Friday, July 4, 2008

How to Give your Dog CPR - July

We are all aware of how important it is to know how to give CPR to a person, but have you really ever thought of what you would do if your dog was choking? How much of a tragedy would it be if you could have saved your dog’s life, if only you would have taken the time to learn how to give your dog CPR?

This month’s “how to” is designed to help give you the steps you need to save your dog’s life in the tragic event that your dog chokes. This can happen all too easily with all of the toys that are available for dogs these days. This article does not take the place of a professional training course. It is recommended that you enroll in a professional training course for more specific detailed training.

CPR for dogs under 30 pounds and puppies

Put the dog on the right side.

Locate the dog’s heart in the chest just behind the points on the front elbows. Put a cupped hand over the heart on either side of the chest. One hand should be resting between the dog’s body and the floor, while compressing one to one-and-a-half inches. Count to one, then release for one count. Do this at a rate of 100 compressions per minute.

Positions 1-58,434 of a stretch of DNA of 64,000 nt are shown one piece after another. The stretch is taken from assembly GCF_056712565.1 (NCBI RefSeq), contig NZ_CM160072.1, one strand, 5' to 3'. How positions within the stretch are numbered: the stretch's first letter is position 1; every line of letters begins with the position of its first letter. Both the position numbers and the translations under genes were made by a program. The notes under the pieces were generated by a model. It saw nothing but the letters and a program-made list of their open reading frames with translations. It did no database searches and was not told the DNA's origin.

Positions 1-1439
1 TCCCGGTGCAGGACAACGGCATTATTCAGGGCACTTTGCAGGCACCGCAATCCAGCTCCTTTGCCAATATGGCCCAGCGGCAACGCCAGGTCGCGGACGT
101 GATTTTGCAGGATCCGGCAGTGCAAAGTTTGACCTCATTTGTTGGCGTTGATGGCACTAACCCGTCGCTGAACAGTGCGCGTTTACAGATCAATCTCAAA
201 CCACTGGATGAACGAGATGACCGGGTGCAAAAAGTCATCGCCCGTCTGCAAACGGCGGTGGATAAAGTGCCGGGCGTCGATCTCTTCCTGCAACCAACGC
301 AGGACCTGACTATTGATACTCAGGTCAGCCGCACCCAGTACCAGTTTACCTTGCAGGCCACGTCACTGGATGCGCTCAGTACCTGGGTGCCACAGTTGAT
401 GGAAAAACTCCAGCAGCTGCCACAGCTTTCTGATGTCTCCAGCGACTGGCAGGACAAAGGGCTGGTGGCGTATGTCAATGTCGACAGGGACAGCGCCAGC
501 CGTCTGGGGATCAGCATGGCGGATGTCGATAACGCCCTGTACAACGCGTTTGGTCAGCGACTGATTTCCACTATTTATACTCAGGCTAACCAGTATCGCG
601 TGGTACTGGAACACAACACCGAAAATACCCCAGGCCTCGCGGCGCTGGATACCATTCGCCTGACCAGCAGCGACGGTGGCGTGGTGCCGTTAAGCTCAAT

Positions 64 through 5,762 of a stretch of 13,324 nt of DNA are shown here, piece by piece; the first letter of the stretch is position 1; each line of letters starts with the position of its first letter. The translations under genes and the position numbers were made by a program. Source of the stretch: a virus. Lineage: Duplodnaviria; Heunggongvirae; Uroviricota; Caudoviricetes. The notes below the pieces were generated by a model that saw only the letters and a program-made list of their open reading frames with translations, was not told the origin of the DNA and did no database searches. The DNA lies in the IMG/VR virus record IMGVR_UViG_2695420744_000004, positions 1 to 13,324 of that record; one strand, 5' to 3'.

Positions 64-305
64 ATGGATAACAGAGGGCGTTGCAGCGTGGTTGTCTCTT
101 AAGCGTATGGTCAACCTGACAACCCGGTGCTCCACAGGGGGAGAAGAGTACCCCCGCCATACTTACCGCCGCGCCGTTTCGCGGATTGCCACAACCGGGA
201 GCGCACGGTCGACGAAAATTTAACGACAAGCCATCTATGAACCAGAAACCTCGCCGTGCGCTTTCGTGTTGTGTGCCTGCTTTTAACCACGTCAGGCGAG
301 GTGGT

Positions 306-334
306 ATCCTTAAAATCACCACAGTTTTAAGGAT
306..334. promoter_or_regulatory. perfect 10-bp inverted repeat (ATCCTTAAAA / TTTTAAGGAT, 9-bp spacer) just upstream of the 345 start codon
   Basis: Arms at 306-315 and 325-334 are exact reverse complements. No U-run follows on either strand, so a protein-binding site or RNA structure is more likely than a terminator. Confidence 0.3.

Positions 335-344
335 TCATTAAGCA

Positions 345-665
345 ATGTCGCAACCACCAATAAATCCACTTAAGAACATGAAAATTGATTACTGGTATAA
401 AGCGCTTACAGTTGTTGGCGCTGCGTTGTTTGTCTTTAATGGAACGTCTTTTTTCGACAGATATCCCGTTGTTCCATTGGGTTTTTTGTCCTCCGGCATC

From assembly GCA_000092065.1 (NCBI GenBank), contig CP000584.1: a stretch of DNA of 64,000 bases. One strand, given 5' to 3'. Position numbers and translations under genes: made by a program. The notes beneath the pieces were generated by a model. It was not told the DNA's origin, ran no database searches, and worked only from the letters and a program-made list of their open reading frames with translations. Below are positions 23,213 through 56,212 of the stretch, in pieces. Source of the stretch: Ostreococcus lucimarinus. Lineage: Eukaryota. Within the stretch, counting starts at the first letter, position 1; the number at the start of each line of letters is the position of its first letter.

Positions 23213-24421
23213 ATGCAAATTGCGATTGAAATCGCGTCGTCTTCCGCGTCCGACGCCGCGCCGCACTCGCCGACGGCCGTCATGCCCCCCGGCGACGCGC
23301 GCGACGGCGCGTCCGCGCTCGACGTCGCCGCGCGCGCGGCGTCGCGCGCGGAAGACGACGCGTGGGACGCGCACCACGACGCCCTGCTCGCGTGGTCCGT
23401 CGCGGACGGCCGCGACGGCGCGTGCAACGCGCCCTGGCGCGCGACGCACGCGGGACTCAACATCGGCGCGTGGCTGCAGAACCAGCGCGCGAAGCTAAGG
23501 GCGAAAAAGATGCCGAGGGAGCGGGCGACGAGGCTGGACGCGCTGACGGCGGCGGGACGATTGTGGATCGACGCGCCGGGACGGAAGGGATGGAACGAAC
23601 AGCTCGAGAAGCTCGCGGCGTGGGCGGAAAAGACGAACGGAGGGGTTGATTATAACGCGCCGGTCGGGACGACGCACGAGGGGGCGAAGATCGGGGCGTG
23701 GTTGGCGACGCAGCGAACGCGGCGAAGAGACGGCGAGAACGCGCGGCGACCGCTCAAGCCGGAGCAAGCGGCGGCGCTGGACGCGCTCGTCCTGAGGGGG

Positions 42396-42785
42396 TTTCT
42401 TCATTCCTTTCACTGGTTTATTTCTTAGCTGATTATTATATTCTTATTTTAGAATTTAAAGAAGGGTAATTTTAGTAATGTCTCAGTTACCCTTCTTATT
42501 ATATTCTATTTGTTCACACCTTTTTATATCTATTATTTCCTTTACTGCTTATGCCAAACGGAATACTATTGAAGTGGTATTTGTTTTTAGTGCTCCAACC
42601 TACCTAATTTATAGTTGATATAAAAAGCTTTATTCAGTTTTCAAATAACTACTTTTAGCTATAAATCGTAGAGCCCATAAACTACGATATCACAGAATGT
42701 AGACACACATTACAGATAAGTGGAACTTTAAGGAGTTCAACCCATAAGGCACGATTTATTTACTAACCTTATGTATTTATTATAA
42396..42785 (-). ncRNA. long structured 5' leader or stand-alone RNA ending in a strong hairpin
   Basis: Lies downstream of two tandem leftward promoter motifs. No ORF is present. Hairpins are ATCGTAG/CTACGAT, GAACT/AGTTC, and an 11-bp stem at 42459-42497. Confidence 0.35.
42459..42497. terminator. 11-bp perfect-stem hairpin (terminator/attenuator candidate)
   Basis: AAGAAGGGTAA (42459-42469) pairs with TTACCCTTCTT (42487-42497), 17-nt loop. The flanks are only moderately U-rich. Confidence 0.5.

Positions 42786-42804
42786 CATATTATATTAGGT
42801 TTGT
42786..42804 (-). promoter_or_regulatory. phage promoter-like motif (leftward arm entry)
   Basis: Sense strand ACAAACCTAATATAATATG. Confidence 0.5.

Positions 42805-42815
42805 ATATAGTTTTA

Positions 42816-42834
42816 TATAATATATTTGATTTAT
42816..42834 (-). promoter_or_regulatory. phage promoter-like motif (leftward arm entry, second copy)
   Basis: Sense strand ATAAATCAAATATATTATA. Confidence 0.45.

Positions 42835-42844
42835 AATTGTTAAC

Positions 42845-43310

If you have someone who can help you perform the CPR, you can give one breath using mouth to nose breathing every two to three compressions. If you are alone, you should do one breath every five compressions.

Puppies are a little different. Use your thumb on one side of the puppy’s chest, with your fingers on the other side. You will not need as much force, but you must be sure the compressions are strong enough to compress the chest.

CPR for dogs over 30 pounds

You will follow the steps above, except you should use both hands on the same side of the chest. Do NOT place your hand directly over the heart. Instead you will need to kneel on your dog’s back and place the heel of your hand at the widest part of the rib cage and put your other hand on top of it.

Keep your elbows straight and push straight down while compressing the chest two to three inches at a rate of one and a half to two times per second.

If you have someone that can assist you, you can give one nose-to-mouth breath every two to three compressions. If you are alone, give one breath every five compressions.
It is important to continue to give your dog CPR until your dog has a steady pulse and is breathing on his own.

Grab your dog’s pet bed and rush your dog to the veterinarian or nearest emergency facility. It is likely that your dog’s ribs have been fractured during CPR.

You could be faced with this tragic situation. Don’t take for granted the time you have with your dog. Take some time each day to spend quality time with your dog. Take out the pet stroller and go for a long walk. Make the most of every minute you have with your loyal furry friend.


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